This is not the case, however-children under the age of 12 are not charged,
even when they commit violent acts such as murder.
Professionals such as social workers, psychologists, and even police
officers may intervene but the goal is to provide appropriate intervention
or treatment so that these acts do not continue.
In order to be processed through Canada’s criminal justice system, an
offender must be a minimum of 12.
Prior to this age, children’s behaviour is governed by the Child and
Family Services Act.
Once a child is 12, they are assumed to be in sufficient control of their
behaviour such that acts committed against the Canadian Criminal Code
will be pursued by the justice system.
Canada does recognize that youth between the ages of 12 and 18 are
developmentally different than adults (over 18) and outlines provisions for
younger aged “offenders” in the Youth Criminal Justice Act, which
provides direction on how youth committing Criminal Code offences
should be “processed.”
2. The History of Juvenile Justice in Canada:
1. Prior to the nineteenth century, children and youth who committed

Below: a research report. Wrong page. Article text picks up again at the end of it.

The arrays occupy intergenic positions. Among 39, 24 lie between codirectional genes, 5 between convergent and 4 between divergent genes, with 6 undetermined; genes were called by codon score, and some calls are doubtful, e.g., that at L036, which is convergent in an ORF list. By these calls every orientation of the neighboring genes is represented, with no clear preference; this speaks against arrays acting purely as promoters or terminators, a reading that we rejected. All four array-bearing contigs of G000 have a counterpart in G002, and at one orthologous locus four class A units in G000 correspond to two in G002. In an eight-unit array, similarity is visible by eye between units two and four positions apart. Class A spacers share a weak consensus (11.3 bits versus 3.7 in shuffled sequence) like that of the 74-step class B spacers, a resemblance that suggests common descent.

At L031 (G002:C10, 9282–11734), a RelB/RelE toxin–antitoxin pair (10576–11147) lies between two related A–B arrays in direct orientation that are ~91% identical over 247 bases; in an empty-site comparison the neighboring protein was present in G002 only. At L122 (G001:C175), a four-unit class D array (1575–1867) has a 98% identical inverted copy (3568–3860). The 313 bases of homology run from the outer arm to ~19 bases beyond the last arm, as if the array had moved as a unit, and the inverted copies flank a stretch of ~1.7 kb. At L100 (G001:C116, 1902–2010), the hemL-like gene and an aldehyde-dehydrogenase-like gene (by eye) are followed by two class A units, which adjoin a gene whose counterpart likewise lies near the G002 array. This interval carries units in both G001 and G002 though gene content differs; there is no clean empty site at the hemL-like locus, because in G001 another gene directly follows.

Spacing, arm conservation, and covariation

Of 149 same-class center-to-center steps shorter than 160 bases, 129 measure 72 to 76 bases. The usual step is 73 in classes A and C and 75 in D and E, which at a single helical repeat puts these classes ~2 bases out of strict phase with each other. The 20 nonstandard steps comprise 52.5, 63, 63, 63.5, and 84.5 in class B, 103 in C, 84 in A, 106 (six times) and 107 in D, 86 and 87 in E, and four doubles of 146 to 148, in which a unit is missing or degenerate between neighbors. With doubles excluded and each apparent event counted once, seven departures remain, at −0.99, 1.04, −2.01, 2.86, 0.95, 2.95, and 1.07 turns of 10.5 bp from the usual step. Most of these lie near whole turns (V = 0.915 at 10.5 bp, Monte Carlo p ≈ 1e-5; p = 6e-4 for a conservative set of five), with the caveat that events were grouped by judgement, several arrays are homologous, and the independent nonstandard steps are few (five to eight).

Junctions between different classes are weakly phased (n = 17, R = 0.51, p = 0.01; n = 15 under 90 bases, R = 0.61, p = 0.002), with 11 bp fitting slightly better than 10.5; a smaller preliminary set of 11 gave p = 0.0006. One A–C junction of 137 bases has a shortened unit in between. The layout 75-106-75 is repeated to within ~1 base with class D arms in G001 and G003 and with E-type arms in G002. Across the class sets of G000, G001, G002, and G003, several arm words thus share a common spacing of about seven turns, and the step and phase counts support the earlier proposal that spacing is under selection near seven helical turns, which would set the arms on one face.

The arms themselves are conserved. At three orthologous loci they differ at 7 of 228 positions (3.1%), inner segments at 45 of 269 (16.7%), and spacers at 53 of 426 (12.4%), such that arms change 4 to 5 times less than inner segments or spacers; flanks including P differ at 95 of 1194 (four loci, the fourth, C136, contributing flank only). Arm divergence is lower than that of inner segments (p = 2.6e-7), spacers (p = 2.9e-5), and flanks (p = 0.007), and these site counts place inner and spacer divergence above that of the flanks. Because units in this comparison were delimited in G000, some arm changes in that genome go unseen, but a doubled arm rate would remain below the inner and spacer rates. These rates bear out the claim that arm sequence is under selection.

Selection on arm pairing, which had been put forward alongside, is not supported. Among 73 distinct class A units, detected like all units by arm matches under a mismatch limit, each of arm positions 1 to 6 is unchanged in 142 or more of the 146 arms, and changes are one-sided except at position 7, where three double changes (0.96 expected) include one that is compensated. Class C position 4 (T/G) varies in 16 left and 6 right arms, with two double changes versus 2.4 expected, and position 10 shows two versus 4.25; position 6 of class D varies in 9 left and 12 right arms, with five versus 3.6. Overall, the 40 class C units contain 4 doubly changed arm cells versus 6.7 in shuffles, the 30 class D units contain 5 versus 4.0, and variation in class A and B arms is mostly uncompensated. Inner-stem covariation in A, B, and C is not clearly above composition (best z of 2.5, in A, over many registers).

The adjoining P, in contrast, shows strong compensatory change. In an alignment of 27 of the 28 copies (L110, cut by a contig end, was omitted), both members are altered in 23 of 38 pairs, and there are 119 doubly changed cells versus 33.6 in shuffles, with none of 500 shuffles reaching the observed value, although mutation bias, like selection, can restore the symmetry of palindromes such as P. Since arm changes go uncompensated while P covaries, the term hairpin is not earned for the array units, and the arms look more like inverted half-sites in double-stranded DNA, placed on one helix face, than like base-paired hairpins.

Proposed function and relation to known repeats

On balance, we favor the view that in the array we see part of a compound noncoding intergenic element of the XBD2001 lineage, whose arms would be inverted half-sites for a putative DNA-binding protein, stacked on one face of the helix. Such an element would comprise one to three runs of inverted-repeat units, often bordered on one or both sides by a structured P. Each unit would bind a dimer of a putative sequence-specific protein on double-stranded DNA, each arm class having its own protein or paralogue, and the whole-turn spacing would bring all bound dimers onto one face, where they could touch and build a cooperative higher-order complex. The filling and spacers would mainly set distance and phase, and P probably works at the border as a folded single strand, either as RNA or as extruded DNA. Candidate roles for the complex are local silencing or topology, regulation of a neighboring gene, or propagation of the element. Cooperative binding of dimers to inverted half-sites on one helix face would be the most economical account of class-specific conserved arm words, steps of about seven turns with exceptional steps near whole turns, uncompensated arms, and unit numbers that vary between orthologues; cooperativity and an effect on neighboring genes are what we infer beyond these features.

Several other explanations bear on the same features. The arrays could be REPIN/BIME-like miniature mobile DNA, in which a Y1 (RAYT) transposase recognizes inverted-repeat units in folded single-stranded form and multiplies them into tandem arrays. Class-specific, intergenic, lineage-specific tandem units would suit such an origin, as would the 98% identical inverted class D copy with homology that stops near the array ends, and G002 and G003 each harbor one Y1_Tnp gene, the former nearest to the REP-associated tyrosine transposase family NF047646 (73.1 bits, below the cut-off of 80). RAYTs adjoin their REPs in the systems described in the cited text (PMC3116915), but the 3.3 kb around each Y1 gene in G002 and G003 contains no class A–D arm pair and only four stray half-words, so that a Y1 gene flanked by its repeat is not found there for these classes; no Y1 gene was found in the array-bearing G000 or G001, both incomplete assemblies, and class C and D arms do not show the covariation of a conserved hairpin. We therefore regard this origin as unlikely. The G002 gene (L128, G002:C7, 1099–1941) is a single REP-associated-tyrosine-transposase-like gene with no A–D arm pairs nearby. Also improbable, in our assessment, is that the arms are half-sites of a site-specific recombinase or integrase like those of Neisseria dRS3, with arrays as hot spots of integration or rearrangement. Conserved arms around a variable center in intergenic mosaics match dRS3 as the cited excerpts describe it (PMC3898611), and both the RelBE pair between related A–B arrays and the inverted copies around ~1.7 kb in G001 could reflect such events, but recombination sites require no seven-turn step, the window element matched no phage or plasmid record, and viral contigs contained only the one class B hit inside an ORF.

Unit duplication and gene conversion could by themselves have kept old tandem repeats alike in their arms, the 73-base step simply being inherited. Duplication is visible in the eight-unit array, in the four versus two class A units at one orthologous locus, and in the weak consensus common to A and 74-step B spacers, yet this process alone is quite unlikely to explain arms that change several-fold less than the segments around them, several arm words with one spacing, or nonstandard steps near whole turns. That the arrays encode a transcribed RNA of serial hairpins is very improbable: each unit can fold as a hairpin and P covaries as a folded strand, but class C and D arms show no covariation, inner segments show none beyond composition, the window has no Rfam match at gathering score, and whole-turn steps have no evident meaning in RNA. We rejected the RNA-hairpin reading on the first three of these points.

criminal acts were treated similarly to adult offenders.
2. No provisions or accommodations for age or developmental stage were
made when it came to charging, sentencing, or incarceration.
3. Youth were not even exempted from the death penalty.
4. In 1908, Canada enacted the Juvenile Delinquents Act (JDA) to recognize
the special circumstances inherent with juvenile offenders.
5. This legislation applied to individuals between the ages of 7 and 16
(although in some jurisdictions the upper limit was 18).

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Psychology of Criminal Behaviour: A Canadian Perspective Chapter 5: Developmental Issues: Juvenile Offending
Copyright © 2011 Pearson Canada Inc. 92
6. These juveniles were termed “delinquents” rather than offenders and were
seen to commit acts of delinquency (e.g., truancy) rather than criminal
offences.
7. A separate court was designed for delinquents, with parents encouraged to
take part in the proceedings, which were more informal than was
customary in adult court.